“Death, be not proud, though some have callèd thee
Mighty and dreadful, for thou art not so;”
John Donne

Wit, on the surface, is a straight-forward play about one woman’s battle with cancer – insidious advanced metastatic ovarian cancer, to be exact. It is a tragi-comedy of sorts. As the lead character, Vivian Bearing, Ph.D. (Tandy Cronyn), informs the audience during her first monologue, “I think I die in the end.” For the next 90+ intermissionless minutes the audience is confronted in the first-person by Dr. Bearing, a 50 year-old professor of 17th Century metaphysical poetry, as she confronts life, and life everlasting.
Wit is not a pretty play. It is intense, compelling, at times brutally uncomfortable, and to anyone who has been touched by the ravages of cancer it is perhaps too raggedly real. Yet it exudes a sense of humanness, of warmth and tenderness that seem oddly appropriate for the subject matter. As the title suggests, rather than focusing on the somber aspects of death and dying, Wit is…well, witty.
Dr. Bearing is a woman who fell in love with words and who married to her first love. She is quite alone in the world and is happy to be so. She is smart, tough, and respected in her field. Her work on the Holy Sonnets of 17th Century metaphysical poet John Donne is legendary. Yet her scholarship never advanced her past the ivory towers of academia and into the real world of human contact. She somehow has never connected the passion, the spiritual wrestling Donne was trying to convey, to humanity. Instead she views life and death clinically; unemotionally. As a result, she must endure the pain and humiliation of her eight-month long cancer treatments alone.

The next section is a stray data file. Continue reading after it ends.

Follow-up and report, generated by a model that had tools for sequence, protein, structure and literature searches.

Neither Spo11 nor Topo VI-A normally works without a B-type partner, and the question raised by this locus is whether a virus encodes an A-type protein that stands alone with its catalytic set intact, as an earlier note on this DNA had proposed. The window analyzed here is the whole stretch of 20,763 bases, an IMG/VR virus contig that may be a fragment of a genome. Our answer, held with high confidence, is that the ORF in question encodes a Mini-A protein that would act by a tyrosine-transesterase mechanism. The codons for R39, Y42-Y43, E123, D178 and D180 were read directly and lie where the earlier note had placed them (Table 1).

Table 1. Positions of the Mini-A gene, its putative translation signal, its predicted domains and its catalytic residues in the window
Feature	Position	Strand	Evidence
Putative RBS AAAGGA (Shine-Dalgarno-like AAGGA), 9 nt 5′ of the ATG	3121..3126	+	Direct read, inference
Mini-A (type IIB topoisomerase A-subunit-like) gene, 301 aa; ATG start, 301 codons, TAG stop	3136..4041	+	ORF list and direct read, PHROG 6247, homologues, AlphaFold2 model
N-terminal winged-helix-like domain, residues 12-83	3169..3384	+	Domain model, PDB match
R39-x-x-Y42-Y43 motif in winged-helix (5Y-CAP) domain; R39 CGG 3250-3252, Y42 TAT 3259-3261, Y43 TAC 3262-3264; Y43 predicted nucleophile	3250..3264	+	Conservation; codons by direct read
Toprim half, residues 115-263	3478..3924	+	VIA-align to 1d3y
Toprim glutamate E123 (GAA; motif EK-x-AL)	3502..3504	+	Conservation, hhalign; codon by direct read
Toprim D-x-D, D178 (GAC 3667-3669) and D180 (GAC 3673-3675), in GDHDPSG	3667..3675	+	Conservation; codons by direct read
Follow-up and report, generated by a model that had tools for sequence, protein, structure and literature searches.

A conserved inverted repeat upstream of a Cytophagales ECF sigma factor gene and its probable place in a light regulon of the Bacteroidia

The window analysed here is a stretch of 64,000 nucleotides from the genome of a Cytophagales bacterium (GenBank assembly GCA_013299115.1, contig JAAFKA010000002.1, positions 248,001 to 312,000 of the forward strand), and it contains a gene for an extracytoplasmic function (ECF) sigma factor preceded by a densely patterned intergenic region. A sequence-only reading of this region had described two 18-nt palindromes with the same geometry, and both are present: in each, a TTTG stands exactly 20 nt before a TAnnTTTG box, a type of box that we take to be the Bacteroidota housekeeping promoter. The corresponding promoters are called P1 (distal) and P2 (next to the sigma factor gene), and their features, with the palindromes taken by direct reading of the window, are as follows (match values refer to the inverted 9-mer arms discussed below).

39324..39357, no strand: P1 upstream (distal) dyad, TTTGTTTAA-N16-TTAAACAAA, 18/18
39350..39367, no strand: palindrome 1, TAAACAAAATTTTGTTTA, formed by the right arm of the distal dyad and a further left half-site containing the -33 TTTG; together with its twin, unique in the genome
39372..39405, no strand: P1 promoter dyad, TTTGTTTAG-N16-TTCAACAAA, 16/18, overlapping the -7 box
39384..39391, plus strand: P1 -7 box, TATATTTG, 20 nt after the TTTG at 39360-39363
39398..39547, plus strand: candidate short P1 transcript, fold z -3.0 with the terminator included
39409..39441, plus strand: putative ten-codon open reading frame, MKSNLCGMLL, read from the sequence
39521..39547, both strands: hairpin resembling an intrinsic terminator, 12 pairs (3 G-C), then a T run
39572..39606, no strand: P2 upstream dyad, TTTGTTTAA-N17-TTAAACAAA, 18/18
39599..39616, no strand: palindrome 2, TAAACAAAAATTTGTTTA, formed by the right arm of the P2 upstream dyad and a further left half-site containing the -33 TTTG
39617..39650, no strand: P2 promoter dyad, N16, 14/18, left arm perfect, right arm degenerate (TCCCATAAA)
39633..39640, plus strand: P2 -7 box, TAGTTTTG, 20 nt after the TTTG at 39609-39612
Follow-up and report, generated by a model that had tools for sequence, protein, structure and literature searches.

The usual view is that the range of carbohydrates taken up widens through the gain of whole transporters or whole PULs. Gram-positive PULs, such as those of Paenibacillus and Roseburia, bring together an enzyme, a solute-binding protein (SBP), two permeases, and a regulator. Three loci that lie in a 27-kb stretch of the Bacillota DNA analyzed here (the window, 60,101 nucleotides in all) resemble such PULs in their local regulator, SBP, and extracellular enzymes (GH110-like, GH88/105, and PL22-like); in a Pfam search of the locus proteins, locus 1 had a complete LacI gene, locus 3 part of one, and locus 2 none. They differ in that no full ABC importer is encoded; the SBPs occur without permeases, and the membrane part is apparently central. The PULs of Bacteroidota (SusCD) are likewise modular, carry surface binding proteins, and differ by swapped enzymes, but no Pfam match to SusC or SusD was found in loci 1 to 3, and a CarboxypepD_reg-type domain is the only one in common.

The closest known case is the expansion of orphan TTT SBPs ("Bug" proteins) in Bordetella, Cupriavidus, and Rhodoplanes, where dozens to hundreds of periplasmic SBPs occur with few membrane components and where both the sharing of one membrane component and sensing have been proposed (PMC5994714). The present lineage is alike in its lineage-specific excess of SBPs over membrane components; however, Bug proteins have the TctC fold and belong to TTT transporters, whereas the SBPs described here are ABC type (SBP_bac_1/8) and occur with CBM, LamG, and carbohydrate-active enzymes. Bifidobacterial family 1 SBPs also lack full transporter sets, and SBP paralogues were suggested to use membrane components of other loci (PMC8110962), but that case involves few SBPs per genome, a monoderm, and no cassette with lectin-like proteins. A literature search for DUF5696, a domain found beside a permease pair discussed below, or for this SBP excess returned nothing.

During the course of her treatments at a major research hospital, Dr. Bearing is confronted by an amazingly insensitive research fellow, Dr. Jason Posner (Matt Chiorini). A former student of hers (he received and “A-“), Bearing discovers in Posner a portrait of herself. Both pursue their craft for the purity of the scholarship; both have lost sight of the humanity their chosen fields were designed to uplift.
As the treatments continue, and as the cancer continues to ravage her body, Dr. Bearing begins to break down emotionally. Her precise, flowing diction gives way to anguished cries, and her stoic endurance cracks enough to admit that she is scared. She finds comfort in the simple human kindness of her nurse (Julie Rowe), and in a poignant, heartbreaking moment, while sharing a pop-cicle, she learns she is going to die.
In one of the most tender moments in the play, Dr. Bearing’s mentor, an aging Dr. E.M. Ashford (Barbara Redmond) stops in for a visit. Ashford is on her way to see her great-grandson and takes a few moments to comfort the dying woman by reading a classic children’s story to her. Amazingly, she discovers the story to be a metaphor for God’s love and forgiveness.
Wit is a stunning piece of theater. Its unflinching examination of the human condition, complete with its exploration of themes of life and death, sin and salvation, forgiveness and simple human kindness is remarkable. Still, this is not an easy play to watch. Although filled with humor and wit, it nonetheless pulls no punches, and the reality it portrays may be too much for some people to deal with. It is certainly too harsh for younger theatre-goers. But those who can resist the temptation to hold the subject matter at arms length with find Wit a richly rewarding experience.
Wit is presented by Tennessee Repertory Theatre at TPAC’s Polk Theatre September 20-October 7, 2000.


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